Trump's threat to escalate US tariffs on Chinese imports contributed to a decline on Wall Street, with stock index futures dropping on concern that companies and workers would likely endure some financial pain.
President Trump said on Air Force One Friday that he is ready to impose tariffs on $267 billion in Chinese goods, on top of the additional $200 billion that he said will likely be hit with tariffs in a matter of days.
The world's two biggest economies have been locked in a months-long trade dispute, with negotiations going nowhere and fears that it could damage the global economy.
If Mr Trump were to follow through with all his threats, his administration ultimately would impose tariffs on $517 billion of Chinese goods.
Global exports increased by 9.8 per cent while its imports rose by 20 per cent compared to the same month past year, according to customs data.
The Ministry of Finance said it will raise export rebate rates for 397 goods, ranging from lubricants to children's books, meaning that firms shipping such products overseas will pay less value-added tax.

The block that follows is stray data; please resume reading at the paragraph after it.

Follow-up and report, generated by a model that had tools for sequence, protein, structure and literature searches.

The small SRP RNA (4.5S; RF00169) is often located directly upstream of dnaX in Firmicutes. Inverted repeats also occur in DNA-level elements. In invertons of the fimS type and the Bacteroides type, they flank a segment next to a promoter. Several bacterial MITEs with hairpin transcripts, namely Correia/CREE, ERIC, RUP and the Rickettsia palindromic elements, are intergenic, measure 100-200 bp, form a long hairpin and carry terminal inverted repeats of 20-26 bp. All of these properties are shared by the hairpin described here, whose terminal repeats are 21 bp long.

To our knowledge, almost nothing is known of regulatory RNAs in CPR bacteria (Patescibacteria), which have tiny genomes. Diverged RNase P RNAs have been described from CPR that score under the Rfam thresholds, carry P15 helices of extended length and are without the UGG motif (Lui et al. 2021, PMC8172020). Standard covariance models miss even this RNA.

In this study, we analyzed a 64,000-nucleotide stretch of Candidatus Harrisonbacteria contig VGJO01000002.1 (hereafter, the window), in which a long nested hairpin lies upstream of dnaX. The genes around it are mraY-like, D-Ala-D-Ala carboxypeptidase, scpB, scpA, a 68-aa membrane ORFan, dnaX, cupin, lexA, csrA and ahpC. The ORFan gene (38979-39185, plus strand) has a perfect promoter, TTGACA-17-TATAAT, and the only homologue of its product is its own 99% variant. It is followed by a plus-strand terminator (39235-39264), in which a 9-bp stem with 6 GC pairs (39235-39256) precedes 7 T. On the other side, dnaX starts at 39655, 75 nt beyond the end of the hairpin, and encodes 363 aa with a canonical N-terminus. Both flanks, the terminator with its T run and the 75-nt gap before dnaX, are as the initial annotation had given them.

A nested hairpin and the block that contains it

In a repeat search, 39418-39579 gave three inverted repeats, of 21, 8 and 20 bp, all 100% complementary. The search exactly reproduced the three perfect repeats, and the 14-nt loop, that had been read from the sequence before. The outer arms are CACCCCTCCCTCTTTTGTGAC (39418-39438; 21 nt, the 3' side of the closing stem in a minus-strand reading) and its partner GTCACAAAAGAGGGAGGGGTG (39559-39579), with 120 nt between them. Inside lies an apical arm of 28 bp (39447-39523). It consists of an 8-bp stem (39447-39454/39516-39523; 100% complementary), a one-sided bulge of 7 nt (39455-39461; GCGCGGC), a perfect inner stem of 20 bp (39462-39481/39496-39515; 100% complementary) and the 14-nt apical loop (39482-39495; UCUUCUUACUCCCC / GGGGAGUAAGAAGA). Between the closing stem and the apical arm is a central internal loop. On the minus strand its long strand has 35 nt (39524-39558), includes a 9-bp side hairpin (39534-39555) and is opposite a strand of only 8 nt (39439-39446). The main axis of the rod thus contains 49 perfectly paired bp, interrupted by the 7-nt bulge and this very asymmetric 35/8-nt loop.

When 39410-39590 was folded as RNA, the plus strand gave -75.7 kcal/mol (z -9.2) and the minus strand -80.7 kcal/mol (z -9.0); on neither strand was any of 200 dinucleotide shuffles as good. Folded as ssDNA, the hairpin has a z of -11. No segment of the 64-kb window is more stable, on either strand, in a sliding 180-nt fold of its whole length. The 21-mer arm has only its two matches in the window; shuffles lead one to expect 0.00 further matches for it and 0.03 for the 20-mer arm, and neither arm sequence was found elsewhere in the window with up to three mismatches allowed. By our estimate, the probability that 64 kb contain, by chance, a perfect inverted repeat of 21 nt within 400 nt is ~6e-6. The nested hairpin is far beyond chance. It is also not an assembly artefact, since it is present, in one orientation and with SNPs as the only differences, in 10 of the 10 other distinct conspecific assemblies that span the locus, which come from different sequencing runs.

The Trump administration may be about to slap tariffs of up to 25 percent on an additional $200 billion in Chinese goods, escalating a confrontation between the world's two biggest economies and likely squeezing United States companies that import everything from handbags to bicycle tires.
The Trump administration is reportedly considering using an Obama-era executive order to slap new sanctions on Chinese entities using cyberattacks to steal USA intellectual property. "I hate to do this, but behind that there is another $267 billion ready to go on short notice if I want".
The world's two largest economies have already applied tariffs to $50 billion of each other's goods. "That changes the equation".
Kudlow, who heads the National Economic Council, told CNBC the administration was still talking with China about trade issues but so far China had not met United States requests.
The last effort at a negotiated solution came in late August with meetings between low-level officials, but nothing came of it.
While U.S. businesses in China do not yet appear to face widespread retaliation, some company officials have said they are bracing for blowback.
Zhang said the impact from United States tariffs on China's exports would likely be limited over the next few months.